We know all the same internet memes, laugh at the same jokes and follow the same fashion and tech trends.
There are those who argue that globalization is making us all the same, rather than celebrating our different cultures.
For us, this may be transient thought, but it’s a much more serious concern for indigenous populations that live on the fringes of what we would define as ‘modern’ society. These peoples – ‘untouched’ civilizations – face persecution, loss of their ancestral lands, death and disease due to contact with humans who carry bacteria they’ve never been exposed to before, and of course, loss of traditions that date back hundreds of years.
Here are five such civilizations with rich stories, that have tried to keep their ways of living unscathed and had varying levels of success in keeping themselves and their traditions alive:
1. The Sentinelese, India
The Sentinelese are one of the four indigenous Andaman tribes—the Great Andamanese, Onge, Jarawa, and Sentinelese – that live on the Andaman islands in the Bay of Bengal.
They are a hunter-gatherer society living on the North Sentinel Island, with their numbers ranging anywhere from 50-400 people. The little that has been established about them is based only on observational data from a distance, out of fear that human contact with new bacterias could lead to their extinction.
The Sentinelese themselves have resisted all attempts to be integrated into ‘modern’ society, remaining in isolation for over 60,000 years.
In order to protect the peoples, the Indian government has barred anyone from visiting the island, including officials and anthropologists.
2. Surma people, South Sudan and Ethiopia, along the Omo river
The Surma tribe actually consists of two separate tribes: the Suris and the Mursis.
Unfortunately, unlike the Sentinelese, the Surma are victims of encroachment by the government, with the construction of dams and national parks leading to their displacement.
The women are known for their large lip discs, which are symbols of beauty and status in their culture.
The Surma mainly raise cattle, and farm when the land is fertile. Cattle is a large status symbol for the tribes. They use weapons, including AK-47s, to protect their herd from being raided by opposing tribes.
3. Indians of Acre State, Brazil
There are up to 1,000 people from multiple tribes, all of them without contact, who live under the canopies of the jungle in Acre state, near Brazil’s western border with Peru.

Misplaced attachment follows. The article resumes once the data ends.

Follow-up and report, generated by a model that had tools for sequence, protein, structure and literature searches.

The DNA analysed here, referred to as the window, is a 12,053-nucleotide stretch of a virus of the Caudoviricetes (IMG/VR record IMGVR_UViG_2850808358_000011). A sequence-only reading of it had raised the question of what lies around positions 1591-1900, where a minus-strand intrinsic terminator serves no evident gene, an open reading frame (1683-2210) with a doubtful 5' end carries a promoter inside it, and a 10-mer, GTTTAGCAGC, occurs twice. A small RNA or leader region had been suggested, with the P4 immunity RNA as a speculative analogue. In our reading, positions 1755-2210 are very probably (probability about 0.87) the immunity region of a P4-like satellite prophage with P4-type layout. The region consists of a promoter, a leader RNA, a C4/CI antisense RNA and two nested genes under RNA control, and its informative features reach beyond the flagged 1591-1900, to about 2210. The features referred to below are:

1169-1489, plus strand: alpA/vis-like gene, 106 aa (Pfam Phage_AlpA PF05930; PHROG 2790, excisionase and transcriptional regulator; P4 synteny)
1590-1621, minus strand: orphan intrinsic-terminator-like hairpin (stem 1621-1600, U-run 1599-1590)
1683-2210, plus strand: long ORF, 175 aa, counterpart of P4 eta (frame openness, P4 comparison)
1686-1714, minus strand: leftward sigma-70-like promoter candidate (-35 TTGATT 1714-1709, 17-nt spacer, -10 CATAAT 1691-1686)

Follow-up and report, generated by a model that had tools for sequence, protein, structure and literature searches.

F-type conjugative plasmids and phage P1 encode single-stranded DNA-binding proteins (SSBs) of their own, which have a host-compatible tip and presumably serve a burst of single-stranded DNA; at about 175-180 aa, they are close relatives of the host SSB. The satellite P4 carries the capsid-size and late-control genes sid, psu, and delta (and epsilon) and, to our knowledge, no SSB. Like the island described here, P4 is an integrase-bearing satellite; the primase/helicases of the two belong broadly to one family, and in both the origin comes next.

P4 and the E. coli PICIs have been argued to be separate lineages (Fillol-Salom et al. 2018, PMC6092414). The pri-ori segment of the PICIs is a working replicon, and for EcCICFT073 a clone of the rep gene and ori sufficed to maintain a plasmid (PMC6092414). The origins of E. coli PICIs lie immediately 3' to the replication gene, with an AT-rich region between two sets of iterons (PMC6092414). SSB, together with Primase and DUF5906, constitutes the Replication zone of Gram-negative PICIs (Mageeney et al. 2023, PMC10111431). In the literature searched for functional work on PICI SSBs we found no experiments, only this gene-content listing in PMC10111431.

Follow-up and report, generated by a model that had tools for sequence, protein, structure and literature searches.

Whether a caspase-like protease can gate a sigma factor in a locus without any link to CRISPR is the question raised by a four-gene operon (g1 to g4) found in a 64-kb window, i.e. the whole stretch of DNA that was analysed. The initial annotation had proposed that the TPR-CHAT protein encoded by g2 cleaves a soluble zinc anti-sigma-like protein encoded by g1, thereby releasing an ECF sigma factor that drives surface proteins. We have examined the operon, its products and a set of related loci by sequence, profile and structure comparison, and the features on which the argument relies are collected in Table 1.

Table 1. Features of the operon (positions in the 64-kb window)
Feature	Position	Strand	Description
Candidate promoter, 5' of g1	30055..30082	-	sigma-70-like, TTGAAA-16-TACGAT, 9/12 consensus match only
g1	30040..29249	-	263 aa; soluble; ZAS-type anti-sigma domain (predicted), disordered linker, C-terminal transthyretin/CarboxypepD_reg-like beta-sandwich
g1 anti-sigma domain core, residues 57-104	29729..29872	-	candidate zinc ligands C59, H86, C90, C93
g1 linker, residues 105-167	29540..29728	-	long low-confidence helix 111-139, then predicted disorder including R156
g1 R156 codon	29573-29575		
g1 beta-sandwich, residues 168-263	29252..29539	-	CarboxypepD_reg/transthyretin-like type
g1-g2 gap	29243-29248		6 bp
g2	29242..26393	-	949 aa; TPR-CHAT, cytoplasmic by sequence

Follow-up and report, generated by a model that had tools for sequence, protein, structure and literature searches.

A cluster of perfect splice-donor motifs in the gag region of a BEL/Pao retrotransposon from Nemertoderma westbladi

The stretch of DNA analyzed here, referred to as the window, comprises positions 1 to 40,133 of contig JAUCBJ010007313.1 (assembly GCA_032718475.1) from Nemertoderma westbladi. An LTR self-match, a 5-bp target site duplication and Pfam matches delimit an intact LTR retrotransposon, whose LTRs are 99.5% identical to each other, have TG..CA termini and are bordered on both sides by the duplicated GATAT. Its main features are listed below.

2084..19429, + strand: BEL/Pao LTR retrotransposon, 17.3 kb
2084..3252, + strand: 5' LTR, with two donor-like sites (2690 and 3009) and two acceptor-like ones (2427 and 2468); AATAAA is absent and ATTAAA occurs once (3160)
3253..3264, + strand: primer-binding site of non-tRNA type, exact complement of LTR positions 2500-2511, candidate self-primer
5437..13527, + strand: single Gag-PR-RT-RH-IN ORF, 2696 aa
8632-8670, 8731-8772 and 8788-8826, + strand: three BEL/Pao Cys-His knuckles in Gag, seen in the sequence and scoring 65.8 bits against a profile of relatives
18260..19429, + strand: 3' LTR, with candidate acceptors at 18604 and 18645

Very little is known about those who live there, except that they still hunt with bows, arrows, and poison darts.
The most famous tribe is the Yanomami, the world’s largest Stone Age tribe, who have been documented – often falsely – by many anthropologists over the years. They, like their fellow Indians, are at risk due to increasing invasions by poachers, gold miners, and loggers.
Conservationists who are trying to protect the Indians urge the government and invaders to leave the tribes in total isolation, so they can survive and live in peace.
4. Shihuh Tribe, UAE
The Shihuh used to live both in the mountains and coasts of Ras Al Khaimah as fishermen and herdsmen, migrating between the two territories.
Though a majority of them have now moved to the cities, many still visit their old homes in the mountains.
The Shihuh lived in isolation for hundreds of years, up until the early 1970’s. As a result of this isolation, they speak in a unique Arab dialect that distinguishes them from other Emiratis.
Even having mostly embraced city life, they do still stick to their own traditions, some of which are similar to Emirati culture overall, such as dancing with sticks or rifles during celebrations.
While not exactly an “uncontacted” tribe, they are still part of the UAE’s older culture, and there are those who prefer to remain in the desert and mountains rather than assimilate in the cities.
5. Aborigines, Australia
Aborigines are the original inhabitants of Australia, and consist of around 500 different types of peoples, each with their own clans, customs, and language systems.
They are thought to have first arrived on the Australian continent about 50,000 – 65,000 years ago.
Prior to colonization, the Aborigines lived all over Australia as semi-nomadic hunter-gatherers, though they would mainly stay along the coast. They are an adaptable people, and even their tools reflect the location of different groups.
Land is a fundamental part of Aboriginal culture and tradition. They are tied to it, and their practices focus on sustainability and conservation.
Language is another integral part of their identity. They maintain an oral history through which they try to pass down their traditions to the next generation.
Aborigines often face abuse and persecution in modern Australia, with many of them living in squalid camps.
Many of these people are fighting for their homes, or even basic human rights, while others are lucky enough to be left alone, but all of them deserve to be respected.
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